By Jonathan Stevenson
BBC Sport at Old Trafford
Much has been made of the fourth metatarsal on Wayne Rooney's right foot over the course of the last month.
Beckham's dead-ball delivery was excellent against Hungary
The wonder boy with the broken bone is looking increasingly unlikely to be able to play a part in this summer's World Cup finals and England's hopes have taken a hit in the process.
But the country and its coach, Sven-Goran Eriksson, must now focus on the players who will be on the pitch in Germany and who still have the chance to lead England to World Cup glory.
Against Hungary at Old Trafford on Tuesday, the two lads most likely to fill Rooney's match-winning boots came to the party just as it seemed England's pre-tournament friendly with Hungary was going horribly wrong.
Captain David Beckham and playmaker Steven Gerrard showed why England remain a team the rest of the world should fear and why they can still go all the way.
Both produced telling contributions at key stages and proved they have the class to change games with one moment of sublime individual skill - as if it needed proving.
It was hard to believe that only a few days ago parts of the national press had been clamouring for Beckham to be replaced - not only as captain but also on the right-hand side of midfield.
Why? Because of a good performance from exciting young winger Aaron Lennon in an England B international against Belarus.
Not exactly out of the top drawer of reasons to drop an 88-times-capped skipper, who has been his country's talisman for much of the previous six years.
Maybe Beckham has become such an easy fall guy over the past two or three years because he does not play his club football in England and can only really be judged on his intermittent displays in an England shirt.
The same can be said of Bayern Munich's Owen Hargreaves, who consistently fails to replicate his much-hyped Bundesliga form when displaying the three lions on his chest.
Eriksson must decide on his best midfield formation
But Beckham did his talking on the pitch on his old Manchester United stomping ground and showed why he is still a vital cog in Eriksson's wheel.
Without Rooney - and with Michael Owen isolated and out-of-sorts up front - England's best hope of scoring in the first hour against Hungary looked like coming from a set-piece.
In Beckham, they still have surely one of the world's finest exponents of a dead-ball situation.
His deliveries were thrilling, each one dispensed with pinpoint accuracy and deadly venom as the Hungarians time and again found no answer to his precision.
Three times he sought out John Terry and three times he found the centre-back, with one of the crosses nodded in by the Chelsea captain for England's second goal.
Moments before, Beckham had helped to break the deadlock with a wonderfully whipped in ball that allowed Gerrard to nod into the far corner.
Some people suggest that once you take the free-kicks and crosses away, what else does Beckham offer?
But when his centres are providing England with five or six clear-cut chances to score in every game, what more do you need from him?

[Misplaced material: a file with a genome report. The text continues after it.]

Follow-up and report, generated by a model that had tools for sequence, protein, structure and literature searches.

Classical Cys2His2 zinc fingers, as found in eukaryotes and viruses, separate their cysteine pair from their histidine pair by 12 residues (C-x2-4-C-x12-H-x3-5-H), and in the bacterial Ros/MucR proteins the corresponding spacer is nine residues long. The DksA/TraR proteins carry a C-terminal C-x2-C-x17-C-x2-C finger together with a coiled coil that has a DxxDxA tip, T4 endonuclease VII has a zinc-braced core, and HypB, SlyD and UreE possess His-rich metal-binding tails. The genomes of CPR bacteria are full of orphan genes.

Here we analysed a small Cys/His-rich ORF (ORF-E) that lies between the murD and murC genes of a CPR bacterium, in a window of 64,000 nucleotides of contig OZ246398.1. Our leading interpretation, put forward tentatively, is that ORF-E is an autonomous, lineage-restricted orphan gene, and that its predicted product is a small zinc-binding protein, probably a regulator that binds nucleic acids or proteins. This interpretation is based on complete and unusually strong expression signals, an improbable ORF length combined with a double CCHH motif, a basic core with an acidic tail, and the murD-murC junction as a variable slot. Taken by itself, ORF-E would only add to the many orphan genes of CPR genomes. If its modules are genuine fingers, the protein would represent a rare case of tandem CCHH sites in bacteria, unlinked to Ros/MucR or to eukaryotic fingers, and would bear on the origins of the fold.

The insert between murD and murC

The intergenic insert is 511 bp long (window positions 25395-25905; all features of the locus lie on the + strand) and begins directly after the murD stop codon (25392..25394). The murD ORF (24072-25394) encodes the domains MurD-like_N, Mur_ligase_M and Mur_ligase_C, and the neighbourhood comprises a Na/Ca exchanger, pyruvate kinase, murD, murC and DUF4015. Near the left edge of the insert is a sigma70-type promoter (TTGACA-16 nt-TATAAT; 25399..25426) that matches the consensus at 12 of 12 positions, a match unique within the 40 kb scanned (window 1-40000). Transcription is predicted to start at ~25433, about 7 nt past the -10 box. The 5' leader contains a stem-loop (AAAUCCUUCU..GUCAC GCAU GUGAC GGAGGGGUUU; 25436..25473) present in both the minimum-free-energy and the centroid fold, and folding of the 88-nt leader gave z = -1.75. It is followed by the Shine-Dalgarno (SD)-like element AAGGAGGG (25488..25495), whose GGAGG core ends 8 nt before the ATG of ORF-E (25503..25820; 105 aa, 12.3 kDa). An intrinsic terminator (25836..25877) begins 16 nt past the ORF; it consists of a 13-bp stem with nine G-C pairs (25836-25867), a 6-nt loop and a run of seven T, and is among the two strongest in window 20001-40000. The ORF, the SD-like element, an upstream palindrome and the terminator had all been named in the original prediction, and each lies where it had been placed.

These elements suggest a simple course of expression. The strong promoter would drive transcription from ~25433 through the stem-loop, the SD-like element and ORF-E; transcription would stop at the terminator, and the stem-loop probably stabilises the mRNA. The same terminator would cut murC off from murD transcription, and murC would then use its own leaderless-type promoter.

Further upfield, Liverpool captain Gerrard was playing the role of the classic South American number 10.
Gerrard is constantly a threat near the opponents' goalmouth
He was given the role made so iconic by the likes of Diego Maradona, Zico and Ronaldinho - the position-free playmaker.
The number of the shirt was different - Gerrard wore number nine - but it was not difficult to see why Eriksson turned to the Liverpool star.
Given the situation with Rooney and Gerrard's sensational season for the Reds, in which he scored 23 goals, he has also been burdened with the task of providing inspiration for England.
If it seemed like yet another huge gamble on Eriksson's part to ask Gerrard to fulfil a more attacking role than he has played in his career to date, the 26-year-old birthday boy easily bailed out his boss.
Looking in tip-top shape from the start, he took to his floating like a duck to water, cleverly dropping deep to receive the ball and running aggressively at the Hungarian defence in an attempt to unlock it.
He may not have the dazzling deception of Ronaldinho or the gravity-defying dribbling of Maradona but Gerrard is a force to be reckoned with when the ball is at his feet - and he looked like he could cause untold damage.
He also showed the predatory instinct of his old Liverpool team-mate Owen when he found space in a crowded area to meet Beckham's cross and head England into the lead.
With Rooney on the brink of falling off England's World Cup radar, both Gerrard and Beckham need to take on more responsibility for their side's fortunes in Germany.
If they are given enough of the ball to hurt teams and are allowed to focus their attentions on creating rather than stifling, they can make up for Rooney's absence.
Alongside Frank Lampard and Joe Cole, they form part of one of England's most explosively-talented midfields for many a year.
If Eriksson can settle on a formation that suits the players at his disposal, England have the flair to lift the World Cup trophy in Berlin on 9 July.